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It sounds like a trick question: How do you shelter in place when you have no “place”? For California’s exploding homeless population—and for those racing to blunt the impact of the novel coronavirus as it sweeps through the state—it is a question in desperate search of adequate answers.
After a week filled with private negotiations and public pronouncements, the state appears little closer to those answers. And while one of the most obvious potential solutions—commandeering nearly empty hotels to use as temporary housing—remains maddeningly elusive, the state’s estimated 150,000 homeless continue to be at high risk for both contracting and spreading the disease.
“It is grossly unacceptable to have so many of our folks living on the street when we are being told to shelter in place,” Matt Haney, a member of San Francisco’s Board of Supervisors, said in a telephone interview. Haney represents District 6, which includes the city’s blighted Tenderloin area.
Haney and others have been pushing San Francisco officials to work with hotels to free up badly needed space. The city has an estimated 33,000 hotel rooms, but the current occupancy rate is only 5 to 7 percent—down from its normal 80 to 85 percent levels. “This means we have approximately 30,000 empty rooms,” tweeted District 9 Supervisor Hillary Ronen.
Little concrete progress had been made by Sunday, however, despite the city’s shelter-in-place order. Volunteer groups were walking the streets over the weekend, handing out tents and bedding to some of the estimated 8,000 unhoused people who pack the seven-square-mile city.
Sleeping head to foot to lessen risk of transmission
California Gov. Gavin Newsom has committed $150 million in emergency funds to help the homeless, and he says the state is negotiating with hundreds of hotels to provide temporary shelter or quarantine space. But in Los Angeles County, where the unhoused population is put at roughly 60,000, only one hotel—the 244-bed Sheraton Fairplex in Pomona—has so far agreed to such an arrangement.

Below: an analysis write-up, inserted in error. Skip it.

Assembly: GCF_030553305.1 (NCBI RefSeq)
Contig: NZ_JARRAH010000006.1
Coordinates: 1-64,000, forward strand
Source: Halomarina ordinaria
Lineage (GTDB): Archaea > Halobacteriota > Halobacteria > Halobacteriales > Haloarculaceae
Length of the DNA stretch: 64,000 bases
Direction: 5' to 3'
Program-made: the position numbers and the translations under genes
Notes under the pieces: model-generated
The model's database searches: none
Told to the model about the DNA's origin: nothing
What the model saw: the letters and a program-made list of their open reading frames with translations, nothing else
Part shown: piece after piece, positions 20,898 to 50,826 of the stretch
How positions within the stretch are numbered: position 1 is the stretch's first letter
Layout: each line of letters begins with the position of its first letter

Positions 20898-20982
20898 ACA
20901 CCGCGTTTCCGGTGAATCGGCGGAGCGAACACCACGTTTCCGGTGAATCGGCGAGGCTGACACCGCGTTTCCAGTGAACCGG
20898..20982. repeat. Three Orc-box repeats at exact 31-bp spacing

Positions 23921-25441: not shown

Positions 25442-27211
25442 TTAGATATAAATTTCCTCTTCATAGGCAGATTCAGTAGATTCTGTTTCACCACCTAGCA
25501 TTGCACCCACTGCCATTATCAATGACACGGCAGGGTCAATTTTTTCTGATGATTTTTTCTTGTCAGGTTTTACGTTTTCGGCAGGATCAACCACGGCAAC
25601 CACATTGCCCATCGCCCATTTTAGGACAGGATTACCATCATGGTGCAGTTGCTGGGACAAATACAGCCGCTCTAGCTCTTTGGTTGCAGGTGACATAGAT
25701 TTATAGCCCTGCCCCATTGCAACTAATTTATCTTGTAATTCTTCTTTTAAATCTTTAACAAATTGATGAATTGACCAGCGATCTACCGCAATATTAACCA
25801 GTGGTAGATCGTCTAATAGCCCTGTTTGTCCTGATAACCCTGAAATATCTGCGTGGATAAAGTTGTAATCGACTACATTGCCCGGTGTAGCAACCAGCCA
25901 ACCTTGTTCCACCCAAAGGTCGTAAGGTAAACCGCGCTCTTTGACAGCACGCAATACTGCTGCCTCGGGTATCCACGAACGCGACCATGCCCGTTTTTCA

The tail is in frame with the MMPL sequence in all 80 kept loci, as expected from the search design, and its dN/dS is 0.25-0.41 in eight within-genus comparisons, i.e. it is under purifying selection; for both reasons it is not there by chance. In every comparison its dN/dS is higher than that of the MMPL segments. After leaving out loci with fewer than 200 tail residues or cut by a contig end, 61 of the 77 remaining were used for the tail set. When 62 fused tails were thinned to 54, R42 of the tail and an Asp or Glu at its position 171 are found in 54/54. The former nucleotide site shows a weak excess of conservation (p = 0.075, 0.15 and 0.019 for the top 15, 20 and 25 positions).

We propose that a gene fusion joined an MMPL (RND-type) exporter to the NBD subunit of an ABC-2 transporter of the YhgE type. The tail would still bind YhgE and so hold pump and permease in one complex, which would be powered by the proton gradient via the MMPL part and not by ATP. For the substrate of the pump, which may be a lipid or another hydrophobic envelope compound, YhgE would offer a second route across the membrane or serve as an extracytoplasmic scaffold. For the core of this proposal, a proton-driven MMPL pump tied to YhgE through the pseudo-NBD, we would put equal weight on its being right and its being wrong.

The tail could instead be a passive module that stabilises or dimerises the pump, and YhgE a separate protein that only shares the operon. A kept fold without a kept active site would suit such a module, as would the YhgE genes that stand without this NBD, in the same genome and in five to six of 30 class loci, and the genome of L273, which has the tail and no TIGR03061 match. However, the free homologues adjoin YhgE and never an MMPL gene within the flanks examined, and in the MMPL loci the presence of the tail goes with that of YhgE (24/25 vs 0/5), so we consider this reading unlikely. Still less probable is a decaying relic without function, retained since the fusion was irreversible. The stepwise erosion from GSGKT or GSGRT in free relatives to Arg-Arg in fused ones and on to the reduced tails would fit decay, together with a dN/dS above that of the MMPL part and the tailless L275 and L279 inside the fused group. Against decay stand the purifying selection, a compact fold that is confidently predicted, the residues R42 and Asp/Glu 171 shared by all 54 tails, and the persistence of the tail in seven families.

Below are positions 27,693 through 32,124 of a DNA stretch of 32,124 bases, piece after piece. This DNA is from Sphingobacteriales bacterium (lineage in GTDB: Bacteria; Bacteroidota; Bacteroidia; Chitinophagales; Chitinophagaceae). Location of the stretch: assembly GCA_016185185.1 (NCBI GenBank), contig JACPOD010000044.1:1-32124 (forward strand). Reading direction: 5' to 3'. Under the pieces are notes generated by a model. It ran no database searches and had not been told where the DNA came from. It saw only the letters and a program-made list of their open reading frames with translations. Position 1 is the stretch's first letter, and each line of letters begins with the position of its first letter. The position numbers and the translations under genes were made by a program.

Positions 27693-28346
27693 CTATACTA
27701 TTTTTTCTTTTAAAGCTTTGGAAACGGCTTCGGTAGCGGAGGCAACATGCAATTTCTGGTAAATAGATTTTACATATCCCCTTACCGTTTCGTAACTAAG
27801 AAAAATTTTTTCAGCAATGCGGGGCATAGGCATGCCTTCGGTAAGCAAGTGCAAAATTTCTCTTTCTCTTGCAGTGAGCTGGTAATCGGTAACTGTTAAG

Haney said the point isn’t just to get the homeless off the street in the time of coronavirus; it’s also to allow city and county shelters to reduce their capacity to safer numbers – and to where physical distancing is even possible. In most homeless shelters around the country, beds or cots are packed tightly together; one Phoenix facility last week began sleeping people head to foot in an attempt to lessen the overt risk of virus transmission via coughs and sneezes.
Santa Clara County’s sole coronavirus death so far has been an unhoused person, but medical experts and authorities working on Covid-19 believe it is only a matter of time before the disease sweeps through homeless encampments. Mel Tillekeratne, a leading advocate for the homeless in Los Angeles, said people in those encampments were “beginning to feel the fear” over the virus, especially since they lack such basic necessities as someplace to wash their hands or access to hand-sanitizing products to help prevent its spread.
Recognizing that help may be slow to arrive, the United Way of Greater Los Angeles announced the creation of the Pandemic Relief Fund, with donations being used, in part, to provide materials and supplies to support street medicine and outreach teams in L.A. County. At this point, getting care to citizens as they live on the street – and appear destined to remain there – may be the most directly effective means of combating the spread of Covid-19 among them.